The role of macroprudential policy in Sweden
• Wen implementing economic policies to countervail the build-up of risks, it is important to identify the source of the risk and implement targeted measures, at the lowest possible cost.
• In terms of the overheated Swedish housing market, this means countering the main drivers behind the surge by:
1. Increase the property tax
2. Reduce the tax relief on interest expenses
3. Normalise the expansive monetary policy
4. Remove barriers to the construction of new housing, for example by improving the subdivision of land and reforming rental Controls.
• However, we advise against implementing any lending restrictions, such as the DTI limit. Such measures are economically inefficient and ineffective in terms of stabilising the housing market.
• The government should take the overall responsibility for countering the current risks on the housing market, as only they have the legislative power to implement the measures targeting the root causes of the booming housing market.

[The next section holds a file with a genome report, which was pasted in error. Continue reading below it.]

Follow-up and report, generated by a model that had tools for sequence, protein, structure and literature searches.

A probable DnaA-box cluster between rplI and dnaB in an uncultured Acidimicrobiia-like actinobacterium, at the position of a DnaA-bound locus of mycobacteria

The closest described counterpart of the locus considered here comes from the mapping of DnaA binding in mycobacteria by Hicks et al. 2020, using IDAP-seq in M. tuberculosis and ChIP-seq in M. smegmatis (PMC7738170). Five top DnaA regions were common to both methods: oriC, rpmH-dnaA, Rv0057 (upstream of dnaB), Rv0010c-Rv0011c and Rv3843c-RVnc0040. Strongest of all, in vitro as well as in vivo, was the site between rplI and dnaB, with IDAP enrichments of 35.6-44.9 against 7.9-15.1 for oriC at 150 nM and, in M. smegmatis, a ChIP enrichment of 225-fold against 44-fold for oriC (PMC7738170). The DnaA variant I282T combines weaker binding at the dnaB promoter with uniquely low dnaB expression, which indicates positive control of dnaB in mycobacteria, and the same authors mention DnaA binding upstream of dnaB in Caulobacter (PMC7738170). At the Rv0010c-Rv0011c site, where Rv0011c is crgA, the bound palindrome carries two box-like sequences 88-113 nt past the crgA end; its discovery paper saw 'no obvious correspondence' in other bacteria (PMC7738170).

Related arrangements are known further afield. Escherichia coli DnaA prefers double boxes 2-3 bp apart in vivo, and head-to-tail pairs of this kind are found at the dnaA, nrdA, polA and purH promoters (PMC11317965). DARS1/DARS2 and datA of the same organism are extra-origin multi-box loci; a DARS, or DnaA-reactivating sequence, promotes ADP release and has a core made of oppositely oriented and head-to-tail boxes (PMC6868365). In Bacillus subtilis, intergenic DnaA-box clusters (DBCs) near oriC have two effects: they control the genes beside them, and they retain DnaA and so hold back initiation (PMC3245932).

• The FSA should focus on ensuring financial stability. If the responsibility for macroeconomic stability is outsourced to the FSA, there is a risk that several “second-best policies” would be suggested and eventually implemented, as the whole palette of economic policy tools is not available to the FSA.
• We see no need to further expand the mandate of the FSA as it already has financial stability as an objective. As the Swedish financial sector is highly robust, the FSA is cur-rently somewhat successful in achieving their objectives.
• We welcome the work of EBA to increase transparency and comparability of the internal models of banks since this could further convince Swedish policy makers that there is no need to add new layers of financial regulation, such as the DTI limit.